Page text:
As a result of this marketing, it comes as no surprise that a recent report found that the vast majority of American youth—more than 80 percent—are exposed to e-cigarette advertising.11
The report also found that marketing for e-cigarettes is booming and that the big players are brands largely controlled by the nation’s largest tobacco companies.
- The top 10 e-cigarette brands with the highest advertising expenditure in 2013 and 2014 account for 98 percent of total category spend.
- Five brands (blu, MarkTen, NJOY, Vuse and Fin) account for 95 percent of total category spend. The three brands with highest advertising expenditure in 2014 — MarkTen, blu, and Vuse — are all owned by large tobacco companies (Altria, Lorillard, and Reynolds Americans, respectively).
- The top 10 brands spent $75.7 million in 2013 and $115.3 million in 2014. Magazines and cable TV accounted for the vast majority of dollars spent in both years.
- The brand with the highest 2014 spending—MarkTen—increased its spending from
$431,000 in 2013 to $54 million in 2014.
Thus, even as traditional tobacco use by adolescents has declined in recent years, e-cigarette use by high school students has soared, rising from 1.5 percent in 2011 to 13.4 percent in 2014, as shown in the chart below.12
In fact, in 2014, the use of e-cigarettes among U.S. high school students surpassed every other “tobacco product” for the first time ever.13
A similar increase occurred among middle school students, with e- cigarette use rising from 1.1 percent in 2011 to 3.9 percent in 2014.
These increases are particularly troubling because they have contributed to an overall increase in
“tobacco product” use by youth—reversing a years-old trend.
As shown in the following chart, overall tobacco use (defined as preceding 30-day use of cigarettes, cigars, smokeless tobacco, e-cigarettes, hookahs, tobacco pipes, snus, dissolvable tobacco, and/or bidis) among high school students had steadily declined between 2011 and 2013.
These decreases built on progress starting as early as 1999, as measured by the National Youth Tobacco Survey.14
However, this trend was reversed in 2014, thanks almost exclusively to a meteoric rise in use of e-cigarettes and hookah.
Similar trends are seen in use of tobacco products by American middle school students.
According to the Centers for Disease Control (CDC), “the lack of decline in overall tobacco use from 2011 to 2014 is concerning and indicates that an estimated 4.6 million youths continue to be exposed to harmful constituents, including nicotine, present in tobacco products.”15 As a result, the CDC concluded that “it is critical that comprehensive tobacco control and prevention strategies for youths should address all tobacco products and not just cigarettes.”16
Urgent action is needed to reverse this trend. Recent research links e-cigarettes to a variety of public health hazards, especially for young people.
A December 2015 study from the Harvard School of Public Health found that a flavoring chemical linked to cases of severe respiratory disease was found in more than 75 percent of flavored electronic cigarettes.17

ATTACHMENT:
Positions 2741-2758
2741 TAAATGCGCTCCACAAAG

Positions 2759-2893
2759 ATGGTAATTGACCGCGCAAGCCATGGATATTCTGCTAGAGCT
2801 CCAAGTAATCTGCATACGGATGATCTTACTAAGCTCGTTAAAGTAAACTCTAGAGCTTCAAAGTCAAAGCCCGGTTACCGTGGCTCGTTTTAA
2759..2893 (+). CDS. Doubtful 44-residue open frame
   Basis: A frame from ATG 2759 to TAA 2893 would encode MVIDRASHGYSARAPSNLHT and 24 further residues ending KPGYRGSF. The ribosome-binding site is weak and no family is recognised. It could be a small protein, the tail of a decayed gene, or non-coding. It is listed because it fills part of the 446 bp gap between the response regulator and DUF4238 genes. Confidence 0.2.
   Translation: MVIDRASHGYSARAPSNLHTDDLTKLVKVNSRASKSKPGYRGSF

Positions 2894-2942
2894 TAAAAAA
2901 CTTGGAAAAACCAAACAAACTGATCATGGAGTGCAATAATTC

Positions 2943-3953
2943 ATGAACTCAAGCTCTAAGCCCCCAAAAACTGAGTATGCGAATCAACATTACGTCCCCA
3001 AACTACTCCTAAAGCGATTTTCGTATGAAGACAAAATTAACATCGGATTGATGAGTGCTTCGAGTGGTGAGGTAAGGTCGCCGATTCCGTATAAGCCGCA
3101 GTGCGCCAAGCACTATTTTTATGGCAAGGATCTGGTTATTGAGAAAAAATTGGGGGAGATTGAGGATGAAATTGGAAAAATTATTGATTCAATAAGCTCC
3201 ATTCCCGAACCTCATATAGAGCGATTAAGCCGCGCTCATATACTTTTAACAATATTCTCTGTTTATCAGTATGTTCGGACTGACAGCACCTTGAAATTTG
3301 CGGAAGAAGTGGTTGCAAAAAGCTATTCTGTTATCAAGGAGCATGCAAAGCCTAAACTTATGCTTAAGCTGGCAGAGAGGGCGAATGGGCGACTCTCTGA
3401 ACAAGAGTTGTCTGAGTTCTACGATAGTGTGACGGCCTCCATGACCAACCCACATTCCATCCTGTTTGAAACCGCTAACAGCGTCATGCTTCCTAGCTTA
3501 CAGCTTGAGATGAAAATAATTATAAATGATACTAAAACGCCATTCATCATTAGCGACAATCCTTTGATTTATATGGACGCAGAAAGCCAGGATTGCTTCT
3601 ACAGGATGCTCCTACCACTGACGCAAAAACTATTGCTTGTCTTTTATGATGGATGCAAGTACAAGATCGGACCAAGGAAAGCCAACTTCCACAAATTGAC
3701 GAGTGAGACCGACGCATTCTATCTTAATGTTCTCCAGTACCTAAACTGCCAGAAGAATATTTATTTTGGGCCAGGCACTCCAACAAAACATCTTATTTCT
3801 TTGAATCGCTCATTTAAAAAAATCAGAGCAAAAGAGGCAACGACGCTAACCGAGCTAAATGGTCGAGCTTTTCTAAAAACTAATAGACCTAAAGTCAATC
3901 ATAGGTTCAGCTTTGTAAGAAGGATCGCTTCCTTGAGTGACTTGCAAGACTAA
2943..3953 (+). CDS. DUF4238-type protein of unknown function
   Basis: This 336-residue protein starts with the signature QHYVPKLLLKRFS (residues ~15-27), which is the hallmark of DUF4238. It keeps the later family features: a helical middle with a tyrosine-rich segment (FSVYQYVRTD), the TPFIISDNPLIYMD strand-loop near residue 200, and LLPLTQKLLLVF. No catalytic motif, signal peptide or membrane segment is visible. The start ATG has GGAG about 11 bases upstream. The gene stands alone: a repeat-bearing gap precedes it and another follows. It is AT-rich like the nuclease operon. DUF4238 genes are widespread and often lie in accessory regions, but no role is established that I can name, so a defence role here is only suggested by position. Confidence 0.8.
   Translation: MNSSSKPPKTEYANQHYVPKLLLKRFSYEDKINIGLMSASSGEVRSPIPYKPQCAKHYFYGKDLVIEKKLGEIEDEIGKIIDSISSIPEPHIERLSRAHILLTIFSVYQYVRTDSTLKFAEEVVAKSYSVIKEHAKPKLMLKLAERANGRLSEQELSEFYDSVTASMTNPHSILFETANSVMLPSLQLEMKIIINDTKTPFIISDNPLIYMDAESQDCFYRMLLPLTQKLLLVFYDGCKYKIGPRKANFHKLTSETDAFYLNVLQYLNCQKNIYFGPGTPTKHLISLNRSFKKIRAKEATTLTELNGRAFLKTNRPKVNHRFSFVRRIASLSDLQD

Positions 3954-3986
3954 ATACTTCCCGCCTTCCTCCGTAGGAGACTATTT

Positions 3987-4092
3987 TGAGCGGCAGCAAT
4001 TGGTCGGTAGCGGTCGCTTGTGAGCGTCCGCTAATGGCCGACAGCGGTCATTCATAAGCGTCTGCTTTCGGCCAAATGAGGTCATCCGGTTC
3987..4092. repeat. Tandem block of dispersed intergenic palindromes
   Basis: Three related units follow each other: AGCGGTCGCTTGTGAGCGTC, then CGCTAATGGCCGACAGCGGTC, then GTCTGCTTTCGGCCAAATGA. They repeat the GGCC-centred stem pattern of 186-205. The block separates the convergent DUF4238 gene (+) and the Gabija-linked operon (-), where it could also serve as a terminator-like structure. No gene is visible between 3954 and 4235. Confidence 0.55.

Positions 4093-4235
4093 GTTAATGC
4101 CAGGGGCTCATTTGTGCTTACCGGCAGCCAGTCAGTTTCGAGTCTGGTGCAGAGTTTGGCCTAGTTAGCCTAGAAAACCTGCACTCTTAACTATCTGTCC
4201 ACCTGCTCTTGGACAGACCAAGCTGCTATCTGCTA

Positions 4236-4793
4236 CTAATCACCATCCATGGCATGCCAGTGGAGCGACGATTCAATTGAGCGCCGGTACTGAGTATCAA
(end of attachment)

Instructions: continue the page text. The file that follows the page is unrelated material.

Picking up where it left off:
Co-author David Christiani stated, “In addition to containing varying levels of the addictive substance nicotine, [e-cigs] also contain other cancer-causing chemicals, such as formaldehyde, and as our study shows, flavoring chemicals that can cause lung damage.”18
The study, which was funded with grant money from the National Institutes of Health, called for “urgent action…to further evaluate this potentially widespread exposure via flavored e- cigarettes.”
While there is no scientific consensus concerning health effects of long-term use of e-cigarettes or whether e-cigarettes are a “gateway” to traditional tobacco, the research about the damaging effects of nicotine on adolescent brain development are clear.19 As a result, the CDC has declared that, “no youth should use e-cigarettes.”20
In April 2014, the U.S. Food and Drug Administration (FDA) recommended banning sales of e- cigarettes to those under age 18, requiring health warning labels, requiring an agency review of existing and future products, and eliminating free samples, which often attract young smokers.21 A proposed final rule was sent to the Administration in October 2015.22
While e-cigarettes clearly fall under the FDA’s mandate to “regulat[e] the manufacturing, marketing and distribution of tobacco products to protect the public health and to reduce tobacco use by minors,” the sale and distribution of e-cigarettes is also squarely within the FTC’s duty to investigate and eliminate “unfair, deceptive or fraudulent practices.”23
I thank you for taking steps to study this growing industry and urge you to seek information from companies about how and to what degree their marketing campaigns are targeted to youth.
Scott M. Stringer
City of New York
3 Myron E. Johnston, “Young Smokers Prevalence, Trends, Implications, and Related Demographic Trends,” cited in Congressional Record, Proceedings and Debates of the 10th Congress, Second Session, Vol. 144, Part 7, p. 9456.
4 “Some Thoughts About New Brands of Cigarettes For the Youth Market.” R.J. Reynolds (1973), quoted at:
8 http://ecigflashbacks.strikingly.com/; A report published by a series of Congressmembers in 2014 also indicated how marketing practices directed at youth are widespread in the industry. See: http://www.durbin.senate.gov/imo/media/doc/Report%20-%20E-Cigarettes%20with%20Cover.pdf.
9 http://www.nytimes.com/2015/04/17/health/use-of-e-cigarettes-rises-sharply-among-teenagers-report-says.html; teen users have specifically mentioned the appeal of flavored e-cigarettes and the lower-price point relative to traditional tobacco as attractive qualities of e-cigarettes.
19 http://www.ncbi.nlm.nih.gov/pmc/articles/PMC3543069/; https://iom.nationalacademies.org/~/media/79C64AF3B65448ECBECE08FDFDDFC83E.ashx.
22 http://www.fda.gov/TobaccoProducts/Labeling/ucm388395.htm; http://thehill.com/regulation/pending-regs/257920-fdas-tobacco-deeming-rule-under-final-review.
23 http://www.fda.gov/AboutFDA/WhatWeDo/; https://www.ftc.gov/about-ftc/what-we-do.